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Administered by Cancer Biology

Fall Semester

CANB 340, Introduction to Cancer Biology

Course Director- Fiona Yull
Credit hours- 2
Day(s) & Time: Mon. 10:00 am – 12:00 pm
Location- PRB 749
Prerequisite- IGP core course or consent of instructor.

This is a didactic lecture series in which general concepts in Cancer Biology will be reviewed. Topics range from molecular biology of cancer (oncogene and tumor suppressors) to novel concepts such as cancer stem cells and therapeutic approaches.

CANB 342, Advanced Concepts in Cancer Biology

Course Director- Barbara Fingleton
Credit hours- 4
Day(s) & Time: Wed. & Fri., 10:00 am – 11:55am
Location- PRB 749
Prerequisite- Must be a Cancer Biology graduate student or have consent of instructor.

Advanced concepts in Cancer Biology will be reviewed in depth using a combination of lectures and student-led discussion sessions based on current literature. This course is offered only in tandem with the Introduction to Cancer Biology course to be taken concurrently.

Spring Semester

CANB 347, Cancer Systems Biology 

Course Director- Lourdes Estrada
Credit hours- 3
Day(s) & Time: Mon. & Wed., 1:00 pm – 2:30 pm
Location- PRB 749

This course is designed to familiarize student with the emerging field of Cancer Systems Biology. The focus is on research and education programs that link biology, engineering, and computer science in a multidisciplinary approach to the systematic analysis and modeling of complex biological phenomena, such as cancer. It is designed for students with an interest in interdisciplinary training and research in the area of computational and systems biology.

This course will provide an overview of systems biology approaches and tools; it will familiarize the students with simple mathematical models for cell proliferation, motility and metabolism. It will also provide an introduction to computational biology with a special emphasis on biological networks, including: construction of gene or signaling networks using literature-based knowledge and existing databases, basics of graph theory, visualization and analysis of networks from high-throughput data. There will be a strong focus on hands-on training of system biology tools and their application to designing experiments and interpreting results in a modern cancer research laboratory.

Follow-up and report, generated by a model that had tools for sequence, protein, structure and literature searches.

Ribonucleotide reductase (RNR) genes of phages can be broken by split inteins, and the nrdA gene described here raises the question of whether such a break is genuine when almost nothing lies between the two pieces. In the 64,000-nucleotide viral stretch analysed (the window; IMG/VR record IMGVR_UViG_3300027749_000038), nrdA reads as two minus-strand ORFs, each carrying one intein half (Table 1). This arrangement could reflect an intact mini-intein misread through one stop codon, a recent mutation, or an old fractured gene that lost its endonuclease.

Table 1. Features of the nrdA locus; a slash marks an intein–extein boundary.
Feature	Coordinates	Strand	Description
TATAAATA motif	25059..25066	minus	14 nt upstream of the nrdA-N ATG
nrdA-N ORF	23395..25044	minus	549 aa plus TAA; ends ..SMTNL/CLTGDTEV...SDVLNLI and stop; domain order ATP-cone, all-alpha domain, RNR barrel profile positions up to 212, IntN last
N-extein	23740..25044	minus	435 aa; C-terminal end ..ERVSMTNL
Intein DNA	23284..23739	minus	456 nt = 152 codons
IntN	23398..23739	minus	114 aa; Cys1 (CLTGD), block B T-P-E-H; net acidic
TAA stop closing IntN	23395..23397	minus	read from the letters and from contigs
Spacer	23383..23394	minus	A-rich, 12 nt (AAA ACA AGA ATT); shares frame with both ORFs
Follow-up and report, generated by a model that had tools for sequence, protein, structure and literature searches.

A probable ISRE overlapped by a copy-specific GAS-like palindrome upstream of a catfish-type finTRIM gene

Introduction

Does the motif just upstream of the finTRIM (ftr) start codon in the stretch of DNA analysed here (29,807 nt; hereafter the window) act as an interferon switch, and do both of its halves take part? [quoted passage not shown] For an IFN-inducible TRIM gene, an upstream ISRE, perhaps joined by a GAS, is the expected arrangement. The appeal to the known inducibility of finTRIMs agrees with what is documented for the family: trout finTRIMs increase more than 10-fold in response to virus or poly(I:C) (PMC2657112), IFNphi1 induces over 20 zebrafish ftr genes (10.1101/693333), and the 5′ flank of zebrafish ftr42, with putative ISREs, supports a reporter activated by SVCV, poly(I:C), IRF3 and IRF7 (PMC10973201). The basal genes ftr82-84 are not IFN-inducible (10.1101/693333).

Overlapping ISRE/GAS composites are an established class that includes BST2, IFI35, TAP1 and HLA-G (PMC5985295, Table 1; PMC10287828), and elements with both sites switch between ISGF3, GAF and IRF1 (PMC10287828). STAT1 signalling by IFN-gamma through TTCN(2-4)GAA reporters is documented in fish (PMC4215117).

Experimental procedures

CANB 384, Clinical and Molecular Based Approaches to the Diagnosis and Treatment of Cancer

Course Director- Kimberly B. Dahlman
Credit hours- 2
Day(s) & Time: TBD Location-TBD
Prerequisite- CANB 340  

This course will provide a unique experience in Oncology where students will learn the risk factors for and signaling pathways that are often deregulated in melanoma, breast cancer, and lung cancer. Furthermore, student will be expose dto cancer screening and diagnostic methodologies. Students will also discover how molecular changes are detected in the lab and leveraged in the clinic for optimal patient care. In addition, the advantages and barriers of clinical trials, socioeconomic disparities, and ethical dilemmas will be presented. Although this course will focus on melanoma, breast cancer, and lung cancer, students will demonstrate an ability to apply their knowledge of tumor diagnosis and targeted inhibition to other tumor types through a group project.